Klout Lets The Riffraff Into Cathay Pacific’s First Class Lounge
It’s hard to tell who looks sillier: Cathay Pacific or Klout.
Cathay Pacific and Klout partnered to allow anyone with a Klout Score of 40 or above access to the First Class Lounge in San Francisco International Airport.
Here’s the core of the issue: anyone who’s even remotely active on Facebook and Twitter has a Klout Score of 40. It’s like rewarding someone for brushing their teeth: it’s good, but it’s also expected.
So who looks sillier?
Cathay seems rather clueless for setting the bar so low. Any goofball who posts pictures from Reddit’s “Funny” section, or has a baby, or had a birthday in the last month, or posts Bible quotations, or says, “I’m sad…,” or… yeah, anyone who gets attention on Facebook can get in to the first class lounge.
I’m sure the legitimate First Class flier will love rubbing elbows with that person who posted the, “If this gets 1,000 Likes, Bobby gets his surgery for free” scam.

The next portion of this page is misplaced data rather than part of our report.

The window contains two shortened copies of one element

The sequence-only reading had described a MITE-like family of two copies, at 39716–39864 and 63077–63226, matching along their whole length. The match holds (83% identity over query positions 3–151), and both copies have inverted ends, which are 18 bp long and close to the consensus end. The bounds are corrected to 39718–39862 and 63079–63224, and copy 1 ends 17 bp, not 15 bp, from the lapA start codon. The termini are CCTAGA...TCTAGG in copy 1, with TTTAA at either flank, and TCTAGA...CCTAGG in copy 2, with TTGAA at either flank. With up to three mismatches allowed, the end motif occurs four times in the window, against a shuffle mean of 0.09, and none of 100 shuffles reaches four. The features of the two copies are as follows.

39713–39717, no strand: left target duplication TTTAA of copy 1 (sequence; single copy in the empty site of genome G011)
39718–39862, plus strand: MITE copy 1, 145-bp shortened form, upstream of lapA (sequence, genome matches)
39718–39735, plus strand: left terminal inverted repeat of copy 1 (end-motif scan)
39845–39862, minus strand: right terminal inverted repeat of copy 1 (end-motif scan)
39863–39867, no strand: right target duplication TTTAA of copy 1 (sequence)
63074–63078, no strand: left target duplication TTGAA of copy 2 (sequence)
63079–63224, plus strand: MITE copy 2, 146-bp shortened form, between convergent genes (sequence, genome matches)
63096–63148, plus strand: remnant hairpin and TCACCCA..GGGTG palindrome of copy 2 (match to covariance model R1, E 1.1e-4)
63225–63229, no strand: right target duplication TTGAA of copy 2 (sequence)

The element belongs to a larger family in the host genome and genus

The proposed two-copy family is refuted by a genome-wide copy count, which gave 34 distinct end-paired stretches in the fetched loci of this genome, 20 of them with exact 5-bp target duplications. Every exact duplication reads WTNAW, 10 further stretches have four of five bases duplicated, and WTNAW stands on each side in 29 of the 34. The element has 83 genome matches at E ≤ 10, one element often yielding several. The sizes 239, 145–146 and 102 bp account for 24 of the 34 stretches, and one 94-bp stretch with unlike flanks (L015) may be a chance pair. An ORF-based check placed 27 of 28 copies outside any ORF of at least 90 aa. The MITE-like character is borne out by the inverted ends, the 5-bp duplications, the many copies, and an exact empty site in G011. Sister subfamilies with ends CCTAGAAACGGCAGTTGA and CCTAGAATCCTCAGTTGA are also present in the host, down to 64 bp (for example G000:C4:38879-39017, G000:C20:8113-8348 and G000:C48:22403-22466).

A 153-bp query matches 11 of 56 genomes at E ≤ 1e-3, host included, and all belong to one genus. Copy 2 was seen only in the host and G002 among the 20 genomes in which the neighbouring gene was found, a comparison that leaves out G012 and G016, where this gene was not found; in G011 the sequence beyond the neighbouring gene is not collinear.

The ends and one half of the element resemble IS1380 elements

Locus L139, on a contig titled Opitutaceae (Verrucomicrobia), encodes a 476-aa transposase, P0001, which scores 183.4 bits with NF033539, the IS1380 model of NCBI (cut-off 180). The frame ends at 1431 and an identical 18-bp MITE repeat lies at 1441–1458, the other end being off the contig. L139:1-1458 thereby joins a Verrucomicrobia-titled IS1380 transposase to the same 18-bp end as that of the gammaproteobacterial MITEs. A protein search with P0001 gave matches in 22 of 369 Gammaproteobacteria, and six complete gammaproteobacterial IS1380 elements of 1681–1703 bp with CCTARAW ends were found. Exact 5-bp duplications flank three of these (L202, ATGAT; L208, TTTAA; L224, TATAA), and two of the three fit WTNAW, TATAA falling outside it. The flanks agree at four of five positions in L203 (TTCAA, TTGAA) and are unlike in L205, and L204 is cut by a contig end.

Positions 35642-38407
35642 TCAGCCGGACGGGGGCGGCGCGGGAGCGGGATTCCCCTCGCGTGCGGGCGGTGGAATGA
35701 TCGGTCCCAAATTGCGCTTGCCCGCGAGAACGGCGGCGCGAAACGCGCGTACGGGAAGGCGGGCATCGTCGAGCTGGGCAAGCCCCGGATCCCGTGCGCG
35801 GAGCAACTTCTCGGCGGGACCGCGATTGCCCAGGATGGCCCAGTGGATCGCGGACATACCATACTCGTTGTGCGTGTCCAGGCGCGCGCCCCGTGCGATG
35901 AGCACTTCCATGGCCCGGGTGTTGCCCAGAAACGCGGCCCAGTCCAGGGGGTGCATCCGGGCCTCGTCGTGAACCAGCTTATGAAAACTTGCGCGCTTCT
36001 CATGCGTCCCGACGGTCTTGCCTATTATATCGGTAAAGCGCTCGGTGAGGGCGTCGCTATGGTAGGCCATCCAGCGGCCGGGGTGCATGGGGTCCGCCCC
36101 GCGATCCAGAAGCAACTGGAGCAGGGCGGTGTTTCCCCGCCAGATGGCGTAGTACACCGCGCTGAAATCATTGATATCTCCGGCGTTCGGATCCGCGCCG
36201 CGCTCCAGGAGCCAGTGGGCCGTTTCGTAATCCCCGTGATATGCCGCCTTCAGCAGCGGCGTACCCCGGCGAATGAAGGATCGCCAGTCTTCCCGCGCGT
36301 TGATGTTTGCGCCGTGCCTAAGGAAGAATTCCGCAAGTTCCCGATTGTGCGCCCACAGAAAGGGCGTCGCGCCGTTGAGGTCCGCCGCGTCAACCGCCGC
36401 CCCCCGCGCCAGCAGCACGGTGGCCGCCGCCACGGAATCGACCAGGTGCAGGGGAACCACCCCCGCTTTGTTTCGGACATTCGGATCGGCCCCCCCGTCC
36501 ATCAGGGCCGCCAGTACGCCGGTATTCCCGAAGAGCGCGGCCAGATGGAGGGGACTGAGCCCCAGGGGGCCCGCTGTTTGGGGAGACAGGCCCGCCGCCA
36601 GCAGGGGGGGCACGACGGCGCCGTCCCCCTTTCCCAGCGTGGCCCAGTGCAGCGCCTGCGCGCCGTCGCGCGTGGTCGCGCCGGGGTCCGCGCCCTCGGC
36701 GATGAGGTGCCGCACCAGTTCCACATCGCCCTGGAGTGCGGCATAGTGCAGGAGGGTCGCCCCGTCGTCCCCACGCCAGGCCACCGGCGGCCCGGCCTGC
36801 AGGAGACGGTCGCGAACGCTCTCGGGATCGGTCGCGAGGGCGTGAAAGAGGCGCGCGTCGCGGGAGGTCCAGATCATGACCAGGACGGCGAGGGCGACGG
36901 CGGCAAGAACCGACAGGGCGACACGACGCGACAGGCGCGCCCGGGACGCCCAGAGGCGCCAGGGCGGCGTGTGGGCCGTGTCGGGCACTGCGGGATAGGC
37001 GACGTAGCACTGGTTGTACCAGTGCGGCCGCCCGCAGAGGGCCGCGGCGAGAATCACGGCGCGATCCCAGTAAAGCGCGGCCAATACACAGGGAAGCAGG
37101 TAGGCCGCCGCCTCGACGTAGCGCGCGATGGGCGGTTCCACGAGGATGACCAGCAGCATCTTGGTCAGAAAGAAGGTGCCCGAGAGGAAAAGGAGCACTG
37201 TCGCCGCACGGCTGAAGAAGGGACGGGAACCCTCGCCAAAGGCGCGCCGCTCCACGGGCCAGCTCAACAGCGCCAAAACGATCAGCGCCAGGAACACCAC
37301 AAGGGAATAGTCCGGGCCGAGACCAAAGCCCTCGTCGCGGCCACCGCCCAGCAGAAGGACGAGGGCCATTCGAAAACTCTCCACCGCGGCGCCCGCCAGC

Klout seems entirely clueless about their business and product. Instead of using the Klout Score, why wouldn’t they only reward people who are influential about airlines, airports, or customer service? That would highlight the useful aspect of their product (audience segmentation) and would also deliver a more valuable customer to Cathay.
This loops back to a broader point that Klout seems to not understand why they’re in business. The Klout Score gets them attention, but it also makes them look like buffoons (I’m more influential than this guy, who has 44,000 Twitter followers and thousands of Tumblr followers? Come on.)
They should focus on their audience segmentation, which is actually useful to businesses.
So who’s sillier? I say Klout. Cathay ran an imperfect experiment on a new platform. Klout squandered the opportunity to promote the valuable part of their business and, in the process, might flood a First Class Lounge with, well, unsavory characters.
When, exactly, is Kleiner Perkins going exert the influence a $30M investment purchases and install a good management team at Klout?